|Publication number||US3170970 A|
|Publication date||Feb 23, 1965|
|Filing date||Jan 23, 1962|
|Priority date||Jan 23, 1962|
|Publication number||US 3170970 A, US 3170970A, US-A-3170970, US3170970 A, US3170970A|
|Inventors||Adams Wanda J|
|Original Assignee||Owens Illinois Glass Co|
|Export Citation||BiBTeX, EndNote, RefMan|
|Patent Citations (7), Referenced by (22), Classifications (11)|
|External Links: USPTO, USPTO Assignment, Espacenet|
Feb. 23, 1965 E. l.. ADAMS 3,170,970
METHOD FOR MAKING PLASTIC ARTICLES Filed Jan. 25, 1962 2 Sheets-Sheet 1 N :q N KW e@ s; Tx N N "I n I w I j d L nh. N M J n. 5S "X gli IQ 7' N H NN szqg" D s; am] fw W l EN RR "R53 INVENTOR. Q E MER I .Abmmawin wANnA AADAv/Ismscumx BYs Neilz LLAYLocAL Je,
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United States Patent Oce 3,170,970 Patented" F eb; 23,
The present invention relates to a method of making plastic articles and more particularly to the manufacture of plastic articles from a blank or parison injection molded about a porous core through which blow air is introduced for blowing the blank to its final conliguration.
In the copending application of Thomas R. Santelli, Serial No. 146,686, filed October 17, 1961, now abandoned, and assigned to the assignee of the present invention, there is disclosed and claimed a plastic article and a method of making such an article from a blank or parison which is injection molded at relatively low pressures and without the formation of a highly stressed parison gate portion usually encountered in injection molded articles. Generally, the method of so injection molding the parison or blank involves the filling of the parison mold and the formation of the parison therein under the pressure exerted by a piston or other pressure element of relatively large dimension and preferably conforming substantially to one full dimension of the parison.
The parison is formed about a central core pin, this pin remaining in the parison during transfer of the parison to a blowing station and forming the means whereby blow air is introduced into the parison. For this purpose, the core pin is provided with various forms of valves for admitting and controlling air flow into the parison. Care must be taken in the design of the core pin to prevent sticking of the parison to the core pin during attempted ination. Additionally, the valving arrangements utilized are such that the initial blowing of air exerts the full blow air pressure upon relatively small surface areas of the parison, at least initially, and a blow-out or rupture of the parison may occur.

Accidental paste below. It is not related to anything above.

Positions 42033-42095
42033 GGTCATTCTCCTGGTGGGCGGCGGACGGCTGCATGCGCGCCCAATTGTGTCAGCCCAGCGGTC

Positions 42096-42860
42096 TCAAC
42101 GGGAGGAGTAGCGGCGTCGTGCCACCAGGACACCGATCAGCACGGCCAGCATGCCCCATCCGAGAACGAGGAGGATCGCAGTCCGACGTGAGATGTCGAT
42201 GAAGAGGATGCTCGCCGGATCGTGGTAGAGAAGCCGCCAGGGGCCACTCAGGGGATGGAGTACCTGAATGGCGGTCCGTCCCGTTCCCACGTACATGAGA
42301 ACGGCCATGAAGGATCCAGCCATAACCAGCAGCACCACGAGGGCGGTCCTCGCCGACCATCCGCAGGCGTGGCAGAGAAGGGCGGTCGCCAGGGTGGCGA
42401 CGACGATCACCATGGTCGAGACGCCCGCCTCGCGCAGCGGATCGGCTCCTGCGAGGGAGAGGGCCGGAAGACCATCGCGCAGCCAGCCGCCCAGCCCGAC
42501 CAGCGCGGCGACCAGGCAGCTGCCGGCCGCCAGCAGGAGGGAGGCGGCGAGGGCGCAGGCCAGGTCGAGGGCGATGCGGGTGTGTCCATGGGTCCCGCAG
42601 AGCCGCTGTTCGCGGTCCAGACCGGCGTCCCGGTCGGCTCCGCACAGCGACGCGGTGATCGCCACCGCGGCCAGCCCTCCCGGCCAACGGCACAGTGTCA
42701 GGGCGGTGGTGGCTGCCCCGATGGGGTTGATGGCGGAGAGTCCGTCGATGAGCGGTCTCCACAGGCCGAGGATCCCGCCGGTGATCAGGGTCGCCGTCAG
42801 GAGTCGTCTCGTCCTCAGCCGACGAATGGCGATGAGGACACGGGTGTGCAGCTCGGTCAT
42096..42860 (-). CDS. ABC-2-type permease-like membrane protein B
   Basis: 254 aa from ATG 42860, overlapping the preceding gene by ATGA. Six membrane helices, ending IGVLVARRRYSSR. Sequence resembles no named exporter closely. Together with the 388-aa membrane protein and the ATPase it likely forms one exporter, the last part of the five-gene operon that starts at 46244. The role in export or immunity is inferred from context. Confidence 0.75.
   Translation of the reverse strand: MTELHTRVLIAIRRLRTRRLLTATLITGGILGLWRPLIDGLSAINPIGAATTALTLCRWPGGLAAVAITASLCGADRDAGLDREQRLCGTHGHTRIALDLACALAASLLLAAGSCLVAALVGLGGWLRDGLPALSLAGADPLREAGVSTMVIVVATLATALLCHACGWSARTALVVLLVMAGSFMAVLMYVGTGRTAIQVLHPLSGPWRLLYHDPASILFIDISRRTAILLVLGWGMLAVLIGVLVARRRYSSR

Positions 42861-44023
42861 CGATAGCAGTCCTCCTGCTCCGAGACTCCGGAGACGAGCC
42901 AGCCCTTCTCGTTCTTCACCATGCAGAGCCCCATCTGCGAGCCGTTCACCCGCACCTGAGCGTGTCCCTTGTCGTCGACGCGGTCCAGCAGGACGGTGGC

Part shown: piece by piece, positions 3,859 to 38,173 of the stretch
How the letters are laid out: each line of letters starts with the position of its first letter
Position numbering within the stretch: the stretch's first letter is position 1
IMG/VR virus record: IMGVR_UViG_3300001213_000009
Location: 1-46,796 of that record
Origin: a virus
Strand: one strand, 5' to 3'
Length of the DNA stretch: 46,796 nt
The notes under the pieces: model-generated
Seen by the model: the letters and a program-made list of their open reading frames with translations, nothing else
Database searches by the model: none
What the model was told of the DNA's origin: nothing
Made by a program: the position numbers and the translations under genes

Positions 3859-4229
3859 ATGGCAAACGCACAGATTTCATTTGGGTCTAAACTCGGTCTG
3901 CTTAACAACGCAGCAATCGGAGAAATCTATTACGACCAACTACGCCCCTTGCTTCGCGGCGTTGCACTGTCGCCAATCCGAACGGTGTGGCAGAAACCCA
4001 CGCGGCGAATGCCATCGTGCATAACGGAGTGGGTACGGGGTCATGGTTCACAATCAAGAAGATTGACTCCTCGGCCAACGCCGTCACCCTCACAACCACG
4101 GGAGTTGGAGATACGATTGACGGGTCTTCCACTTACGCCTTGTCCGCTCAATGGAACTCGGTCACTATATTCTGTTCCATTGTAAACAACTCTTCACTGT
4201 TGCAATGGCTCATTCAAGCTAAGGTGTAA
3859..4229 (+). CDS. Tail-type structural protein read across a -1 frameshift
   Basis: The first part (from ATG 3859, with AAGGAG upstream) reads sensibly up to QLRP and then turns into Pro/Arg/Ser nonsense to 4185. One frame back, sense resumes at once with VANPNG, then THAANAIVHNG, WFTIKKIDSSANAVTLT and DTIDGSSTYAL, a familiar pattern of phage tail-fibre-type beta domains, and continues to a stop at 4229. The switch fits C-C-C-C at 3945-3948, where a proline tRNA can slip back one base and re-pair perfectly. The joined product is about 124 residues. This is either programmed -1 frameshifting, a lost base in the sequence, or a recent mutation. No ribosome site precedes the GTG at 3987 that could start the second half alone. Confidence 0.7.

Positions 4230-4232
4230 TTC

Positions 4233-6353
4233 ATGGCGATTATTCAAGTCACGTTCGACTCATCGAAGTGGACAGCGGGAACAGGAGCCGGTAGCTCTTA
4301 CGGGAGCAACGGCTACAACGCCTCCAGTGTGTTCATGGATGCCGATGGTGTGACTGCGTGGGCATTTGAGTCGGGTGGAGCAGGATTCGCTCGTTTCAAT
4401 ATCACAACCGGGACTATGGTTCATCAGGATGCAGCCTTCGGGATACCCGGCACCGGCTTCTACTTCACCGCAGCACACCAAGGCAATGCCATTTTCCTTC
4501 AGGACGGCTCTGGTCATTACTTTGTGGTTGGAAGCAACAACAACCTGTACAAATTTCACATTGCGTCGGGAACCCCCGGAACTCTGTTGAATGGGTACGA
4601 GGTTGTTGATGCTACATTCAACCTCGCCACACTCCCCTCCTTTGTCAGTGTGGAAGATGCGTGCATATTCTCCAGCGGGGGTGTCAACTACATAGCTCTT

The present invention utilizes a new and novel form of core pin for preventing sticking of the parison thereto and preventing any possible blow-out of the parison. Additionally, the core pin used in the present invention can be utiiized to progressively blow the parison from the core pin and against the chill walls of the blow mold in a controlled manner not heretofore possible. Further, if desired, a mold release agent can be utilized in conjunction with the core pin to facilitate the release of the parison therefrom without blow-out.
More specifically, the present invention proposes the utilization of a porous core pin which is duid pervious or, at least, gas-permeable. The core pin exterior contour conforms to the desired interior shape of the parison and forms the mold core about which the parison is injection molded. The pores in the core pin are minute and are of such size as to prohibit the entry of plasticized plastic material thereinto during injection molding of the parison. The fact that injection molding, as carried out in accordance with the above-identified Santelli application, occurs at relatively low injection pressures further aids in prevention of filling and plugging of the pores with plasticized material during parison formation.
To introduce blow air into the parison after it has been transferred by means of the core pin to a blow molding station, it is only necessary to introduce air into the hollow center of the core pin. The air will travel through the air-permeable core pin to iniiate the surrounding parison and to move the parison outwardly from the core pin to the walls of the enclosing sectional blow mold.
In one modification of the present invention, an air tube may be inserted axially into the hollow center of the core pin, and this air tube serves to direct air against only a restricted portion of the core pin for travel therethrough outwardly to iniiate the parison. By moving the air tube axially within the core pin, successive axially spaced portions of the parison can be successively moved outwardly into contact with the surrounding blow mold and quite desirable material distribution in the walls of the blown article can be obtained.
It is, therefore, an important object of the present invention to provide a new and novel method of manufacturing a blow molded plastic larticle from an injection molded parison formed about a gas permeable core pin.
Another important object of this invention is the provision of an improved method of making a blown plasticv article by injection molding a parison about a porous core pin, transferring the parison to a blow molding station, and inating the parison at the blow molding station by air introduced into the parison through the core pin.